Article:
“Each immune response consists of the coordinated actions of a network of many different cells exchanging many different types of information,” he says. “In the case of cancer, these networks become dysfunctional. We need to better understand not only how individual cells function in these environments, but also how all these pieces fit together in order to initiate and maintain these pathological states. Then we will better understand how to alter or repair the network, which should be useful for treating a wide variety of diseases.”

Removing the "Overhead" of a Cell

Jewett takes a different approach to synthetic biology, using cell-free systems to create protein therapeutics and unnatural polymers for materials, medicine, and nanotechnology. To do this, Jewett removes both the wall and the DNA of a cell — in his case, an E. coli cell — to get at the systems inside. In doing this, he removes the “overhead” of a cell and is more easily able to manipulate it.

“A cell has its own operating system,” he says. “Its objective is to live, replicate, and multiply. We’re trying to get it to carry out a new user-defined function that’s often at odds with the cell’s main function. By removing the cell wall, we’re able to directly activate and control the catalysts we’re most interested in.”

Jewett takes a bottom-up approach to the biology-by-design problem by trying to create new, more reliable biological systems rather than reengineer existing ones. At Stanford University, Jewett invented a cost-effective crude cell lysate system that is now being used for the production of personalized medicines to fight cancer.

Coming to Northwestern after receiving a National Institutes of Health Pathway to Independence Award while at Harvard Medical School, Jewett is now focused on building and evolving ribosomes, the cell’s factory for protein synthesis. He is making synthetic ribosomes to better understand life and to make custom-designed biological machines that can discover and produce new drugs. Collaborating with scientists at universities across the country, Jewett hopes that learning to build ribosomes will contribute toward our ability to construct a biological system that can self-replicate in vitro.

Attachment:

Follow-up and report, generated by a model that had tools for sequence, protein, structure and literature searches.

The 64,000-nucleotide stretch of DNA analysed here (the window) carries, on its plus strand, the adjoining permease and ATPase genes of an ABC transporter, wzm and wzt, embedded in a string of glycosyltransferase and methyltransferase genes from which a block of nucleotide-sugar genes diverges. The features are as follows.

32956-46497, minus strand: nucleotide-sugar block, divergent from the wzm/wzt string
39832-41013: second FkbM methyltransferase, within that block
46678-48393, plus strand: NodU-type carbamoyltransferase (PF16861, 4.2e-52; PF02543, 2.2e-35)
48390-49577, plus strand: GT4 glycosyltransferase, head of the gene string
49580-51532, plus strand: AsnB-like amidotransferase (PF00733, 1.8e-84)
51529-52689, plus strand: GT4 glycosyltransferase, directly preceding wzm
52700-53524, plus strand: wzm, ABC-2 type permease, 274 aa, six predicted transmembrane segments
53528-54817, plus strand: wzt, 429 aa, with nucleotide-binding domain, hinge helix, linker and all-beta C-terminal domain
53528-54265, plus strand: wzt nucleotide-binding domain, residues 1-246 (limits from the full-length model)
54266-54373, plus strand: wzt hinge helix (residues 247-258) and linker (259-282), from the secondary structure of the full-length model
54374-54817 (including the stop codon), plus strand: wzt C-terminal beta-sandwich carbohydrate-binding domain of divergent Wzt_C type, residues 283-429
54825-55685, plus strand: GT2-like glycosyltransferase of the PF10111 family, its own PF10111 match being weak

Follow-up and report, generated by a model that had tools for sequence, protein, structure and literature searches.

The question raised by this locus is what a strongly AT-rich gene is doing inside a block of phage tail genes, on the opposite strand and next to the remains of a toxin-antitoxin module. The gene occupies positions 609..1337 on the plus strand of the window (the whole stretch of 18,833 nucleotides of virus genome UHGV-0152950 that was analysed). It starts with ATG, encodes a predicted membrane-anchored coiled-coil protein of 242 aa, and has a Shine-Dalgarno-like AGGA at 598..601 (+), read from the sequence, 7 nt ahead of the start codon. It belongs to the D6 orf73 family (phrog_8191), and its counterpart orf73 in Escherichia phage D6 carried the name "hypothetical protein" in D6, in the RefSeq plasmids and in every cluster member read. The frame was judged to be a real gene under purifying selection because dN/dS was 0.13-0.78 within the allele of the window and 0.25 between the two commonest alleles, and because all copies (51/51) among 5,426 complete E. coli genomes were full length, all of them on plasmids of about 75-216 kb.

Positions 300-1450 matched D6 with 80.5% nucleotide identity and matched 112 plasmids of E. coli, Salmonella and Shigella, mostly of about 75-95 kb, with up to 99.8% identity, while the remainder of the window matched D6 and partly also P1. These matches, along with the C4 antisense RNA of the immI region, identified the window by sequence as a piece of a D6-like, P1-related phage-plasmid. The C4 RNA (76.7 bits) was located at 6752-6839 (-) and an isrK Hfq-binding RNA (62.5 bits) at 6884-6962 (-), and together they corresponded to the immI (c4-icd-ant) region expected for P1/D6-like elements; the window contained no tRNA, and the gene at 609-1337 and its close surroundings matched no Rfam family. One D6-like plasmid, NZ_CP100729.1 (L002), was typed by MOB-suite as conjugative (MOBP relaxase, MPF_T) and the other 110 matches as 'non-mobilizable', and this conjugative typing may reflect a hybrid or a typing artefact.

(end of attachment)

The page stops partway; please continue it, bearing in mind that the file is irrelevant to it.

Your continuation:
Both Jewett and Leonard are working with Laurie Zoloth, professor of medical humanities and bioethics and of religion and director of the Center for Bioethics, Science, and Society at Northwestern, to explore the ethical implications of synthetic biology. For example, Jewett’s self-replicating system would require compounds that aren’t found in nature (i.e., they couldn’t survive outside of a test tube), and Leonard’s customized immune system approach pushes the boundaries of how we engineer our own biology while creating therapeutic options that are both safer and more effective than current alternatives.

“There are certainly important questions that we as scientists need to be asking ethically,” Jewett says. “We have some very good practices in place, and at the end of the day, the research that’s coming out of synthetic biology will help people. I think that’s important.”

—Emily Ayshford